Strategic geography

Strategic geography is concerned with the control of, or access to, spatial areas that have an impact on the security and prosperity of nations. Spatial areas that concern strategic geography change with human needs and development. This field is a subset of human geography, itself a subset of the more general study of geography. It is also related to geostrategy.

Strategic geography is that branch of science,which deals with the study of spatial areas that have an impact on the security and prosperity of a nation.

Further reading

  • Brzezinski, Zbigniew. The Grand Chessboard: American Primacy and its Geostrategic Imperatives. New York: Basic Books, 1997.
  • Gray, Colin S. and Geoffrey Sloan. Geopolitics, Geography and Strategy. Portland, OR: Frank Cass, 1999.
  • Kemp G., Harkavy R. Strategic Geography and the changing Middle East. Carnegie Endowment for International Peace in cooperation with Brookings Institution Press, 1997.
  • Mackinder, Halford J. Democratic Ideals and Reality. Washington, DC: National Defense University Press, 1996.
  • Daclon, Corrado Maria. Geopolitics of Environment, A Wider Approach to the Global Challenges. Italy: Comunità Internazionale, SIOI, 2007.
  • Faringdon, Hugh. Strategic Geography: NATO, the Warsaw Pact, and the Superpowers. Routledge (1989). ISBN 0-415-00980-4.
  • Stürmer, Michael. Strategische Geografie. Leitartikel, Die Welt Online, 10. Februar 2004.
  • European Geostrategy



This article was sourced from Creative Commons Attribution-ShareAlike License; additional terms may apply. World Heritage Encyclopedia content is assembled from numerous content providers, Open Access Publishing, and in compliance with The Fair Access to Science and Technology Research Act (FASTR), Wikimedia Foundation, Inc., Public Library of Science, The Encyclopedia of Life, Open Book Publishers (OBP), PubMed, U.S. National Library of Medicine, National Center for Biotechnology Information, U.S. National Library of Medicine, National Institutes of Health (NIH), U.S. Department of Health & Human Services, and USA.gov, which sources content from all federal, state, local, tribal, and territorial government publication portals (.gov, .mil, .edu). Funding for USA.gov and content contributors is made possible from the U.S. Congress, E-Government Act of 2002.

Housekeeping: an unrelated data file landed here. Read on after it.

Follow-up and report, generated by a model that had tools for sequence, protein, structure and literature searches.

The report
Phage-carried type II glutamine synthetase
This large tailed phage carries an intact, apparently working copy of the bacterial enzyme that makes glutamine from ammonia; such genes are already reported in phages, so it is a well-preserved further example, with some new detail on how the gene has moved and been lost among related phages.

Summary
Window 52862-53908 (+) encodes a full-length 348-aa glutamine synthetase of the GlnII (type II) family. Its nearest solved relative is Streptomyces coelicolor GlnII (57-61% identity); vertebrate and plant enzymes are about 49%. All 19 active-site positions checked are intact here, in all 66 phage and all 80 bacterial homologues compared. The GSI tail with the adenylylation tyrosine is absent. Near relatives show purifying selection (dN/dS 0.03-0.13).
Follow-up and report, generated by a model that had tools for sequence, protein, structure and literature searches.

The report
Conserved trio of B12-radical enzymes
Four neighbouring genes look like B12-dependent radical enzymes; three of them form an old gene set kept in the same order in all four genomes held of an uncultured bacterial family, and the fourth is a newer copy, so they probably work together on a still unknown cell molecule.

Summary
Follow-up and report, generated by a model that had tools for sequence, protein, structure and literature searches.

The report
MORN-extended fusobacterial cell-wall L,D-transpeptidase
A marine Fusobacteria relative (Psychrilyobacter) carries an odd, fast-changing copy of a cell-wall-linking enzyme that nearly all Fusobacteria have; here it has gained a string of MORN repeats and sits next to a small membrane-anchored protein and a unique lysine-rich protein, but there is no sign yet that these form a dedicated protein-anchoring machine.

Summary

Crowd sourced content that is contributed to World Heritage Encyclopedia is peer reviewed and edited by our editorial staff to ensure quality scholarly research articles.
 
By using this site, you agree to the Terms of Use and Privacy Policy. World Heritage Encyclopedia™ is a registered trademark of the World Public Library Association, a non-profit organization.